The Bigger Picture: Visual Archives and the Smithsonian
Someone To Watch Over Me: Home Edition
Note to readers: the "News in the Visual" blog posts referenced below have now been moved to the "What Gets Saved" category on THE BIGGER PICTURE (2/20/2011).
Talk about ironic. The whole time I’ve been writing “News in the Visual” blog posts—and dutifully researching the history of, and the controversies that surround surveillance culture—someone’s been watching me. I realized it a couple of weeks ago, as I was walking up the stairs to my loft. Dangling off the hallway wall, some wires—formerly connected to the carbon monoxide monitor mounted high up on a stairwell wall and facing my door—were lying near the ground. Upon closer inspection, I saw some video-connector jacks attached to the wires and knew, immediately, that something was very wrong. All it took was one sharp tug to the wires to the monoxide monitor, and down it came. When I pried open the device’s cheap plastic housing, nestled in it was a small video camera about an inch square, the size of an after-dinner chocolate mint.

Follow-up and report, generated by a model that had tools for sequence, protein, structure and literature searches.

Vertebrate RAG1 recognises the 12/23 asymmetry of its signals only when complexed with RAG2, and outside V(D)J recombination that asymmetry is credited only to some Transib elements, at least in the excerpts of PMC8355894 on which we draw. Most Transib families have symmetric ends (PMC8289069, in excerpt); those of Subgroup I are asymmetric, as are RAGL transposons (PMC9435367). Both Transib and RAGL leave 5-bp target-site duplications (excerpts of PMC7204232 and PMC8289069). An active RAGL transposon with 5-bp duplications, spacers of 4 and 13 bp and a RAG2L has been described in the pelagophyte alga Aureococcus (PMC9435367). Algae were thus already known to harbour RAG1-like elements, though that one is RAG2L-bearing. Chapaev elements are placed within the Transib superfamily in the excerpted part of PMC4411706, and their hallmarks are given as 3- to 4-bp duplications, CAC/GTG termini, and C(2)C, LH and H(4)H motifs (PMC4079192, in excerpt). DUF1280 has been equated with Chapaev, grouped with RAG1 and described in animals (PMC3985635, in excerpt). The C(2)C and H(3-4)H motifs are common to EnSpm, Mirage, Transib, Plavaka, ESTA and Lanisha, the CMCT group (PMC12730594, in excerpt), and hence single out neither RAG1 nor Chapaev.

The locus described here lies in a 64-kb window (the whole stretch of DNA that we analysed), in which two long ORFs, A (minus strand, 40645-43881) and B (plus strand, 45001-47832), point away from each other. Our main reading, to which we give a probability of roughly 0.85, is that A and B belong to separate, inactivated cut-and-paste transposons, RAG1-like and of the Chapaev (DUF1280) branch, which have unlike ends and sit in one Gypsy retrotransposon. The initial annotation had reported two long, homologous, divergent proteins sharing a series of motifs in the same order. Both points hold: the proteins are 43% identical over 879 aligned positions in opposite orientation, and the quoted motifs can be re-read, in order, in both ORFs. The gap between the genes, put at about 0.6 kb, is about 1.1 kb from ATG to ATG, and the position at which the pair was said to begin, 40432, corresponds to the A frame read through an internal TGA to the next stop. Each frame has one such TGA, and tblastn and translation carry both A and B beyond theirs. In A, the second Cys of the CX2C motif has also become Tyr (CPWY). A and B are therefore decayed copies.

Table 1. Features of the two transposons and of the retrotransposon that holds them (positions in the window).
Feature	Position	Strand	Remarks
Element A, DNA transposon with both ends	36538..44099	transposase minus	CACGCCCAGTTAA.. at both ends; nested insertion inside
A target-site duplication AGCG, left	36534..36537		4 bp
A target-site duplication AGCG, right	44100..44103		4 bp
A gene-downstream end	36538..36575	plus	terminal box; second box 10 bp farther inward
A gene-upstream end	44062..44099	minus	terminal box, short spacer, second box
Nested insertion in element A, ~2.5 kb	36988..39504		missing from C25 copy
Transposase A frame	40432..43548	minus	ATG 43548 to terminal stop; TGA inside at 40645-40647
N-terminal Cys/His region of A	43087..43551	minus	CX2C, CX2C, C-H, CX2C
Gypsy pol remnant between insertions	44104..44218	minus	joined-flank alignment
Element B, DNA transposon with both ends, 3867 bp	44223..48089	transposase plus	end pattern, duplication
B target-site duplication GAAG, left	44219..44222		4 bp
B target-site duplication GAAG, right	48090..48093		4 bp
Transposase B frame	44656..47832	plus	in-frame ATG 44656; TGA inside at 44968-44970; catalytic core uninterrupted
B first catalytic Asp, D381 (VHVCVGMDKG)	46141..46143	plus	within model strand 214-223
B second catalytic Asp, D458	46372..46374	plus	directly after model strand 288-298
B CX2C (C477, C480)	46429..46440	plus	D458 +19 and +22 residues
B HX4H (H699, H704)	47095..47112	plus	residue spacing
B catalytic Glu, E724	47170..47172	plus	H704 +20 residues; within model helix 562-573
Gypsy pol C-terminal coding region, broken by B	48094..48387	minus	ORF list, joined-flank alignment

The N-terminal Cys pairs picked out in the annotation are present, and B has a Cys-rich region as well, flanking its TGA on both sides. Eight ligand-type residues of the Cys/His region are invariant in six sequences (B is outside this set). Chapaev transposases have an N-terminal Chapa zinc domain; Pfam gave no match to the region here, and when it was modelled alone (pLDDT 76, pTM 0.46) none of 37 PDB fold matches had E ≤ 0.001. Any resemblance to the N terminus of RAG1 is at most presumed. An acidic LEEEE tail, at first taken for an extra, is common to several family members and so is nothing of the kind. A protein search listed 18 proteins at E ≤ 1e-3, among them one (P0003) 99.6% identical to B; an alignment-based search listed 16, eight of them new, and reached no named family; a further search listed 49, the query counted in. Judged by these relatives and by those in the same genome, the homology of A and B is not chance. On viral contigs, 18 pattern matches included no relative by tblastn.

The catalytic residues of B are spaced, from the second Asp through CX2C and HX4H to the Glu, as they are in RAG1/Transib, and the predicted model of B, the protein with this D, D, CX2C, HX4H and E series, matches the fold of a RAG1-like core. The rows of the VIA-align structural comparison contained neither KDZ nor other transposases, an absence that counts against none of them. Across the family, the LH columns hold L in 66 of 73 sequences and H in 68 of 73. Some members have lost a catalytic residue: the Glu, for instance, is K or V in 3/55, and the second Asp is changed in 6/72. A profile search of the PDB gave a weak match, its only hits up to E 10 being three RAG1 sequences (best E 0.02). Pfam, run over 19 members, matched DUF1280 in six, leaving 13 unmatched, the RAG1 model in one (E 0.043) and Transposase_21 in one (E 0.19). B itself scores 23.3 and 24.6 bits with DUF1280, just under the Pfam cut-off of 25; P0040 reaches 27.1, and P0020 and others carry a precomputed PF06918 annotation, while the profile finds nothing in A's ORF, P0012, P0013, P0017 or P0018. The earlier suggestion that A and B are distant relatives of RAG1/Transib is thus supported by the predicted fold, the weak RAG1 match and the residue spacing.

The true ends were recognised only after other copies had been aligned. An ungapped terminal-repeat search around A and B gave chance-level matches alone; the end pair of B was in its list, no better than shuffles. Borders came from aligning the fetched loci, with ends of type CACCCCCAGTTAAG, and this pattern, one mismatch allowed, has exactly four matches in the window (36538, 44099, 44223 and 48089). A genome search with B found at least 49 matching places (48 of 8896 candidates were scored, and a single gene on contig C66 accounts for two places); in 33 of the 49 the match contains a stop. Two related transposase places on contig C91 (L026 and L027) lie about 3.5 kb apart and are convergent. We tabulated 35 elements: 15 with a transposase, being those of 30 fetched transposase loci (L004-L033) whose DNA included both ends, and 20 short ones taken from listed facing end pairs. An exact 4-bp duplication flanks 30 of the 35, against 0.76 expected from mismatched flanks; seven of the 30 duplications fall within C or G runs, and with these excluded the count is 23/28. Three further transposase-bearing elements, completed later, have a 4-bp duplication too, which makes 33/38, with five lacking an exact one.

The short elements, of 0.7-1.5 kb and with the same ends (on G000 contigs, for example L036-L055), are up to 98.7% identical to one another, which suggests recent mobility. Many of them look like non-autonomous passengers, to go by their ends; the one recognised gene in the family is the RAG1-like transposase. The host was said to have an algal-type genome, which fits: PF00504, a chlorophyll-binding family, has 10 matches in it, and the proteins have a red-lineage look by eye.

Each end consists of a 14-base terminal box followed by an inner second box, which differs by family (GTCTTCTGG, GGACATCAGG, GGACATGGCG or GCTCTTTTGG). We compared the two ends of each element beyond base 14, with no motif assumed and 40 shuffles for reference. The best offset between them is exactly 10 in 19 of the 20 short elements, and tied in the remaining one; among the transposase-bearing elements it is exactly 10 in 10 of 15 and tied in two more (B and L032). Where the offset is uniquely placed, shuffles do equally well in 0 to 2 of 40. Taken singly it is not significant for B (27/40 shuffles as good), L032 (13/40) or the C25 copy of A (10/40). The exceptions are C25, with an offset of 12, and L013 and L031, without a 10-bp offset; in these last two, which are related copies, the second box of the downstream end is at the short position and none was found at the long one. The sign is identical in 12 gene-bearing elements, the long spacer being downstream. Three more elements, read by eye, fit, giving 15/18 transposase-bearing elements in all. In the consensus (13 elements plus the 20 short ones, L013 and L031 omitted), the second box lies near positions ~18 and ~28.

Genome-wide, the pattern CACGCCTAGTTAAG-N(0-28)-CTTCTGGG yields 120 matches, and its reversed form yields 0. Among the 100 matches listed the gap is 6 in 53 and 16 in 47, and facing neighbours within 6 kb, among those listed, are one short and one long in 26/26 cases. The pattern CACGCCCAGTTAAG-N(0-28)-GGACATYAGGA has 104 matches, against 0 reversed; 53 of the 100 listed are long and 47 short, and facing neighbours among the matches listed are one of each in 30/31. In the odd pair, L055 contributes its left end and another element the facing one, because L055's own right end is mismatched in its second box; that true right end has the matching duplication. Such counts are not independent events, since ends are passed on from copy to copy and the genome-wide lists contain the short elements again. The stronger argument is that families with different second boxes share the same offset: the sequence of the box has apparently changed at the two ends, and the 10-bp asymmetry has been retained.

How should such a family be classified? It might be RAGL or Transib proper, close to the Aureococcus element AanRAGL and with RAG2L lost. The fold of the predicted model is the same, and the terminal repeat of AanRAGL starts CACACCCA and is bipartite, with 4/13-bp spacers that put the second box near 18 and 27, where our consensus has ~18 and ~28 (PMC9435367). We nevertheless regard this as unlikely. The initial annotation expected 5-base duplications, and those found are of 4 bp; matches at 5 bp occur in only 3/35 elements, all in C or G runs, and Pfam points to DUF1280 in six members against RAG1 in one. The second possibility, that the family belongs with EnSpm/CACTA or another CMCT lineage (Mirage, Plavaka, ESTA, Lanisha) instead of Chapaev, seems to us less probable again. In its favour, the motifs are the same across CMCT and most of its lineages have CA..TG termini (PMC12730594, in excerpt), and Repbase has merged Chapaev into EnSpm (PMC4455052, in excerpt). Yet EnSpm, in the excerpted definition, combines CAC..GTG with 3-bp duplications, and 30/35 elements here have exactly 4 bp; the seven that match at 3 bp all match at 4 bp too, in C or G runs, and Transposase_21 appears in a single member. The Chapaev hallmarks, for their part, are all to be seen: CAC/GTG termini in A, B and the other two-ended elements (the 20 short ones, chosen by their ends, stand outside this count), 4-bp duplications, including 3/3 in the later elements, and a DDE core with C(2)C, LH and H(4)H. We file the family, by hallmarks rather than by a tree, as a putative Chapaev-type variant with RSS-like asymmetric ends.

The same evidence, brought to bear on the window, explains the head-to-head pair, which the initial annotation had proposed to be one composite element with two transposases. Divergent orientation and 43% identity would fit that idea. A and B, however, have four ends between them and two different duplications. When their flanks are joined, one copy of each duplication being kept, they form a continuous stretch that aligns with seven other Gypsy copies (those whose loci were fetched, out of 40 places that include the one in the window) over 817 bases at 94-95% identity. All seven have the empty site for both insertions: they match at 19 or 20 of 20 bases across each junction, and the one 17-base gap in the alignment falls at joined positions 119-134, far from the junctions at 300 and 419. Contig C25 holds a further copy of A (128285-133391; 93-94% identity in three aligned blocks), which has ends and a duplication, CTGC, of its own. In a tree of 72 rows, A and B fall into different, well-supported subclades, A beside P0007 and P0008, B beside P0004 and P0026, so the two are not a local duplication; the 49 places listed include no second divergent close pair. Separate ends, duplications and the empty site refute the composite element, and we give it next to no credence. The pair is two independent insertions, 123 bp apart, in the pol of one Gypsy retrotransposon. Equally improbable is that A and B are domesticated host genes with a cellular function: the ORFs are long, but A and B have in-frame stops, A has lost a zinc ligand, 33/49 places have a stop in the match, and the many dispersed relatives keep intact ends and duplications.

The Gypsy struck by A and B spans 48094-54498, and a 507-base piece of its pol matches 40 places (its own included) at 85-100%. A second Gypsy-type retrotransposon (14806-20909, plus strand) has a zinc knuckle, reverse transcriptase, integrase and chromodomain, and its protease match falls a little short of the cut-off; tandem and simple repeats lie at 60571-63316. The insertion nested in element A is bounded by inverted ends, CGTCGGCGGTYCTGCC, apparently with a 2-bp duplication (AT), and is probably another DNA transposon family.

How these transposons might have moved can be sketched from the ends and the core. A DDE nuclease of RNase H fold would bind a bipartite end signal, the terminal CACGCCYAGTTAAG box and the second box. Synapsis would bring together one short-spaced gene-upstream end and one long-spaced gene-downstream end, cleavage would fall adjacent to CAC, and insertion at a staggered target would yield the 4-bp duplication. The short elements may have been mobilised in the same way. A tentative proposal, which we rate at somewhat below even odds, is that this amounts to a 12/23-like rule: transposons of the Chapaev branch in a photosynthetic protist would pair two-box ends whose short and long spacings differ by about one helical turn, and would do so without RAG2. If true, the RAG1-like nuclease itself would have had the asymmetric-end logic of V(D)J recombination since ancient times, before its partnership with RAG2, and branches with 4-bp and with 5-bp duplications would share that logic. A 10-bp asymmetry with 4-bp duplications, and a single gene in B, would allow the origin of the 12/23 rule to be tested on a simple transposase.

The landlord, who’s been harassing me and other tenants in my building and on our block for over 25 years, was turning things up a notch. Given my ongoing research for THE BIGGER PICTURE—where I routinely run across stories like, for example, the man charged with hiding a camera disguised as an air freshener in a co-worker’s bathroom, I wasn’t surprised. But I’ve got to admit to being momentarily stunned. While it’s been my job and joy to look at and think about photographs over the years, including quite a few made without permission or their subject’s awareness, this was a creepy and watershed moment for me. The carbon monoxide monitor, in case you’re wondering, hasn’t been replaced yet. And as you might imagine, I’m checking for places where cameras might be hidden, every time I get near my door. Just another bit of proof that, as we say at the Photography Initiative, photography changes everything.